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Publisher's Summary

Introduction by Kevin Baker  

The Natural, Bernard Malamud's first novel, published in 1952, is also the first - and some would say still the best - novel ever written about baseball. In it Malamud, usually appreciated for his unerring portrayals of postwar Jewish life, took on very different material - the story of a superbly gifted "natural" at play in the fields of the old daylight baseball era - and invested it with the hardscrabble poetry, at once grand and altogether believable, that runs through all his best work. 

Four decades later, Alfred Kazin's comment still holds true: "Malamud has done something which - now that he has done it! - looks as if we have been waiting for it all our lives. He has really raised the whole passion and craziness and fanaticism of baseball as a popular spectacle to its ordained place in mythology."

©1980 Bernard Malamud (P)2019 Audible, Inc.

Featured Article: The Best Baseball Audiobooks of All Time


Ask any baseball fan and they'll tell you: some of their favorite sounds can only be heard at the ballpark—the smooth, satisfying pop of a catcher’s glove as a pitch hits its mark; the crack of a bat as it tears into a fastball, explosive and hopeful, drawing the crowd to their feet. Our list, a roundup of outstanding baseball audiobooks, offers a glimmer of that same ballpark magic with just a few of the greatest stories from our national pastime.

What listeners say about The Natural

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Hidden Audio Gem

I’m shocked at how few reviews are on here—this was not only an incredible story, the narration was near perfect. I hadn’t seen the movie, nor read the book before—but I loved this story.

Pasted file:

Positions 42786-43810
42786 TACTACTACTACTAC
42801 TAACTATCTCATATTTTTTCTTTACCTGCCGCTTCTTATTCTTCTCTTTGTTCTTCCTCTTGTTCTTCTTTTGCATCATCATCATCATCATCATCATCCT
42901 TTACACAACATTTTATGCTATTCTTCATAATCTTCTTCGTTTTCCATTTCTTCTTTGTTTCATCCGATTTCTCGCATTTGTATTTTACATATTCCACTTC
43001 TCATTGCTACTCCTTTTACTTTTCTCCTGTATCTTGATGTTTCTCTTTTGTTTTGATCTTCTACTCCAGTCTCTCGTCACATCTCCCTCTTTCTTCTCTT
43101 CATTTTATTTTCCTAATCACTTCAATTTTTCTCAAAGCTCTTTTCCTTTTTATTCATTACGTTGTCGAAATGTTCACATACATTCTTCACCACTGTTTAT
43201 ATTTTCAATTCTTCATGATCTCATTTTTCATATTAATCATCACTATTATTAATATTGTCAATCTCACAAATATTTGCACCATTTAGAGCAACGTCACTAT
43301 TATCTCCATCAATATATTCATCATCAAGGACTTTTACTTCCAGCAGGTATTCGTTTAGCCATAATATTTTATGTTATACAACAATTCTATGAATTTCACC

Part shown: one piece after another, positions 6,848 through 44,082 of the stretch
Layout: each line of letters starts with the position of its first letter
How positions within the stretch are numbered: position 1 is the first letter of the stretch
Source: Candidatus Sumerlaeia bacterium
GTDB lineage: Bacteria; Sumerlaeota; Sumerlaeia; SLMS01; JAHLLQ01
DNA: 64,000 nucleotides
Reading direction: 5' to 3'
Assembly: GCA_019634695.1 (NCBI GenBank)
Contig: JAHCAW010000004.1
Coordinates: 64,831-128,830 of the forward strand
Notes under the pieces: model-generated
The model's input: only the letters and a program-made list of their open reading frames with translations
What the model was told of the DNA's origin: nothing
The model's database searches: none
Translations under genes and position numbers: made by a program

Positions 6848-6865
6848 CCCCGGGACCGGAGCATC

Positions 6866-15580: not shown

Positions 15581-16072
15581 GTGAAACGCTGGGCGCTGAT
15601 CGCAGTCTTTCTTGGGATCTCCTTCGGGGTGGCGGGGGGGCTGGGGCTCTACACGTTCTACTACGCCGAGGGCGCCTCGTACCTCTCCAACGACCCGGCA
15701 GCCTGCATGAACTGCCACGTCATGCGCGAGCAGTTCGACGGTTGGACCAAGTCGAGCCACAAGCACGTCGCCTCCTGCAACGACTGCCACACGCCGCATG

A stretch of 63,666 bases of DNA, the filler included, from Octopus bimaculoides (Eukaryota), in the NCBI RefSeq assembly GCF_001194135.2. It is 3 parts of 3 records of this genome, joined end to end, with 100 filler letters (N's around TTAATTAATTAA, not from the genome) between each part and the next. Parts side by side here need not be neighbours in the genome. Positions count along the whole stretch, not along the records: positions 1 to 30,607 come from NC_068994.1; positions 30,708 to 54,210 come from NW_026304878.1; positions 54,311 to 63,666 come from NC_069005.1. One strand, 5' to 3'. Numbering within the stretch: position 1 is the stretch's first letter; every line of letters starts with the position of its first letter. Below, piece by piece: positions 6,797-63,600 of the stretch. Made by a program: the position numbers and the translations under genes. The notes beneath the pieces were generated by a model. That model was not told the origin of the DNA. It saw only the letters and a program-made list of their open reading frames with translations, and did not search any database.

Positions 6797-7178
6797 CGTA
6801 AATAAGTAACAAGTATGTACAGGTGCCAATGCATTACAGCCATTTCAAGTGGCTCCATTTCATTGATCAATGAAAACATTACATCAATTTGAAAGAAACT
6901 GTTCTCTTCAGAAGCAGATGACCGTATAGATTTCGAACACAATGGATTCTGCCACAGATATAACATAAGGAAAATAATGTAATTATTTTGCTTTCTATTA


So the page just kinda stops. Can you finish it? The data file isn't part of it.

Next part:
we all know sports stories, but this one, despite its age, felt fresh. It was constantly surprising. Highly recommended.

2 people found this helpful

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The Natural

Most people who read this book are drawn to it by seeing the movie first, right? Maybe. If you're like me, you're disappointed.

The character of Roy Hobbs is much more of a bumpkin, not the charismatic character portrayed in the movie. The death of his father, the love interest of his boyhood, the son? Nope, no part of this story. Roy does get shot, but years later falls for the fem-fatalé. The silver bullet that near ends Roy's life, let alone career, isn't even mentioned. He does wind up in the hospital, but for stress/exhaustion, something equally mundane. The rest of the story, Pop, Wonderboy, throwing a game, all adheres to the story arc of the movie, except for the ending. No spoilers, but *sniff*, it is nowhere near as thrilling. Not even close.

Yet, the actual field action of "baseball" - good stuff!

The movie is considerably more uplifting. Considerably.

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Not very much like the movie. Reads like a true story & life lesson.